Reid GD, Wills HJ, Shukla A, Hammill P (2008) Laparoscopic transabdominal cervico-isthmic cerclage: a minimally invasive approach. Aust N Z J Obstet Gynaecol 48(2):185–188PubMedCrossRef
Rust OA, Atlas RO, Reed J, van Gaalen J, Balducci J (2001) Revisiting the short cervix found by transvaginal ultrasound in the second trimester: why cerclage therapy may not help. Am J Obstet Gynecol 185:1098–1105PubMedCrossRef
Scarantino SE, Reilly JG, Moretti ML, Pillari VT (2000) Laparoscopic removal of a transabdominal cervical cerclage. Am J Obstet Gynecol 182:1086–1088PubMedCrossRef
Shirodkar VN (1955) A new method of operative treatment for habitual abortion in the second trimester of pregnancy. Antiseptic 52:299
Society for Maternal-Fetal Medicine Publications Committee, with the assistance of Vincenzo Berghella, MD (2012) Progesterone and preterm birth prevention: translating clinical trials data into clinical practice. Am J Obstet Gynecol 206:376
To MS, Alfirevic Z, Heath VC, Cicero S, Cacho AM, Williamson PR, Nicolaides KH, Fetal Medicine Foundation Second Trimester Screening Group et al (2004) Cervical cerclage for prevention of preterm delivery in women with short cervix: randomised controlled trial. Lancet 363(9424):1849–1853PubMedCrossRef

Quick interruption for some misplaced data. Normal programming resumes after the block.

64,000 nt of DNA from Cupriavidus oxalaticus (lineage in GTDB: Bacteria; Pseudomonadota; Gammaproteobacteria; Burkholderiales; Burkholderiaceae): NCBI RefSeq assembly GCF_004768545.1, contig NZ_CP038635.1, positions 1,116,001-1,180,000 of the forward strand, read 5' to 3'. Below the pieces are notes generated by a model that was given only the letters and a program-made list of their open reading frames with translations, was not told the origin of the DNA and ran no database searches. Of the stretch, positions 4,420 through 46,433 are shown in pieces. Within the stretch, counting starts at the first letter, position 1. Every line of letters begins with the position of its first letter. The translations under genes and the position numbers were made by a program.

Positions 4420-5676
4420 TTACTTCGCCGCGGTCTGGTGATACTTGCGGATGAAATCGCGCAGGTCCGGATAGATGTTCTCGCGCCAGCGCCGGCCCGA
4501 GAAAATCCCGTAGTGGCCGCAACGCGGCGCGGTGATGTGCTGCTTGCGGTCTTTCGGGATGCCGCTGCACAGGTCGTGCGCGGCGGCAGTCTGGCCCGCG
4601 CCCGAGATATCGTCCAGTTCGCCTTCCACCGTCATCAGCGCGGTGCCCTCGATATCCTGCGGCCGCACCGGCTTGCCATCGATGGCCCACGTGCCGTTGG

Warren JE, Nelson LM, Stoddard GJ, Esplin MS, Varner MW, Silver RM (2009) Polymorphisms in the promoter region of the interleukin-10 (IL-10) gene in women with cervical insufficiency. Am J Obstet Gynecol 201(4):372.e1-5PubMedCrossRef
Whittle WL, Singh SS, Allen L et al (2009) Laparoscopic cervico-isthmic cerclage: surgical technique and obstetric outcomes. Am J Obstet Gynecol 201:364.e1–364.e7CrossRef
Witt MU, Joy SD, Clark J, Herring A, Bowes WA, Thorp JM (2009) Cervicoisthmic cerclage: transabdominal vs transvaginal approach. Am J Obstet Gynecol 201:105.e1–105.e4CrossRef
www.uptodate.org (Topic cerclage, June 2012)
Zaveri V, Aghajafari F, Amankwah K, Hannah M (2002) Abdominal versus vaginal cerclage after a failed transvaginal cerclage: a systematic review. Am J Obstet Gynecol 187(4):868–872PubMedCrossRef